The plaintiff-buyers entered into an installment sales contract in 1991 in which they agreed to purchase real property owned by the defendant-seller. The contract provided that upon the plaintiffs' payment of the purchase price, the defendant would provide a deed conveying the property to them free of encumbrances. In 2002, a general sessions judgment was entered against the defendant in an unrelated case, and the defendant appealed that judgment to the circuit court, where that case currently remains pending. The judgment was filed as a lien on the real property in 2002. In late 2004 or early 2005, the plaintiffs had made all necessary payments on the real property, and the defendant conveyed the property to them by warranty deed. While attempting to sell the real property in 2005, the plaintiffs discovered the existence of the 2002 judgment lien on the property, and they placed funds in escrow in order to satisfy their intended purchaser that the lien would be removed or paid. The plaintiffs filed a warrant in general sessions court against the defendant, alleging that he was liable for breach of the covenant against encumbrances contained in the warranty deed. The general sessions court entered judgment in favor of the plaintiffs, and the defendant appealed to the circuit court. The plaintiffs filed a motion for summary judgment and sought an award of reasonable attorney's fees. The circuit court granted the motion for summary judgment, but denied the plaintiffs' request for attorney's fees. On appeal, we affirm in part, reverse in part, and remand for a determination of reasonable attorney's fees incurred below and on appeal.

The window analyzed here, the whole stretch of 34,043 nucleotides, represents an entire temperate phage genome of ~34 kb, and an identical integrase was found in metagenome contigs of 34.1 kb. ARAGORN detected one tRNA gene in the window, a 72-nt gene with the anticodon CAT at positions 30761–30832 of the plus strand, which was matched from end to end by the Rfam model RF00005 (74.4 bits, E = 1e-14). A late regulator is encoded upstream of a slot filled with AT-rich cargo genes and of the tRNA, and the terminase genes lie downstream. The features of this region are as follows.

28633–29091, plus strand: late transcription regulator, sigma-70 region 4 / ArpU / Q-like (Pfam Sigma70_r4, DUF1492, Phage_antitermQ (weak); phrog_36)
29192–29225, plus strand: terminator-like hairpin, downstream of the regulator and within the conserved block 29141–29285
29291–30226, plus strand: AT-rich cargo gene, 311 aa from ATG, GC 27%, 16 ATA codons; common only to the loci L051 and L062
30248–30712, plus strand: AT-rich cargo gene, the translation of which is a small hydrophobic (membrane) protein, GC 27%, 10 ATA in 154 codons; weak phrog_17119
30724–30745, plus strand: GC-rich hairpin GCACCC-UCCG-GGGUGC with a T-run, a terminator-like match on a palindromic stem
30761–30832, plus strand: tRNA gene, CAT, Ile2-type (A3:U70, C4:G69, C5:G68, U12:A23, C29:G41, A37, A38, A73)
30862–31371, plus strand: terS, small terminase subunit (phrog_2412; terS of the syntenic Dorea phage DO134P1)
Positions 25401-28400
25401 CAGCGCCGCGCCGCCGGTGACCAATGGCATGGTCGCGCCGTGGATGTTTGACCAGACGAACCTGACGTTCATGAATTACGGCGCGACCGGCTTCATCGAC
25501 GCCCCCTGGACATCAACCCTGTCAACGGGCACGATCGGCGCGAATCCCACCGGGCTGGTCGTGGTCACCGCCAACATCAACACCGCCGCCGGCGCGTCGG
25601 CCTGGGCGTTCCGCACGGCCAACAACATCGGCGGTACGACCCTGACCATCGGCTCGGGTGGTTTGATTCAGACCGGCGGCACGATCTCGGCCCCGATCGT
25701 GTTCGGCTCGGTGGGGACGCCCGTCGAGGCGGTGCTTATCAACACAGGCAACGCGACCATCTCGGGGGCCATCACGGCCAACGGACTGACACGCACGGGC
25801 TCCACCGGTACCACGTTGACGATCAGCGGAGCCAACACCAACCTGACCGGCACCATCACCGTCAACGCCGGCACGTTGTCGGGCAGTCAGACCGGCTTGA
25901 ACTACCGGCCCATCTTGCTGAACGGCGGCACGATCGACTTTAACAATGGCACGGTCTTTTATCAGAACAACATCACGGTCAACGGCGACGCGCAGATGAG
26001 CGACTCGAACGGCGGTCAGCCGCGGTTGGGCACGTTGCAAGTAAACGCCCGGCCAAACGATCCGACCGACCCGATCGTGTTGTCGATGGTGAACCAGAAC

Court: TCA


Nancy L. Steelman, Memphis, Tennessee, Pro Se.

Robert E. Cooper, Jr., Attorney General and Reporter; Michael E. Moore, Solicitor General; Jennifer L. Brenner, Assistant Attorney General, for the appellee, State of Tennessee.


An inmate appealed dismissal of her small docket claim by Claims Commissioner. Since under Tenn. Code Ann. section 9-8-403(a)(2) this court has no jurisdiction to hear an appeal of a decision on the small claims docket, this appeal is dismissed.

TOWE IRON WORKS, INC., and DAVID L. TOWE, SR., v. DONALD W. TOWE, SR., SHIRLEY F. TOWE, RICHARD L. TOWE, SR., JEWEL M. TOWE, and CAROLYN E. McMURRAY, Personal Representative of the Estate of WILLAYNE TOWE and Trustees of any Trust thereunder

Court: TCA


D. Scott Hurley and Ryan N. Shamblin, Knoxville, Tennessee, for appellant, Carolyn McMurray.

Lawrence E. Ault, Knoxville, Tennessee, for appellants, Donald W. Towe, Sr., Shirley F. Towe, Richard L. Towe, Sr., and Jewell M. Towe.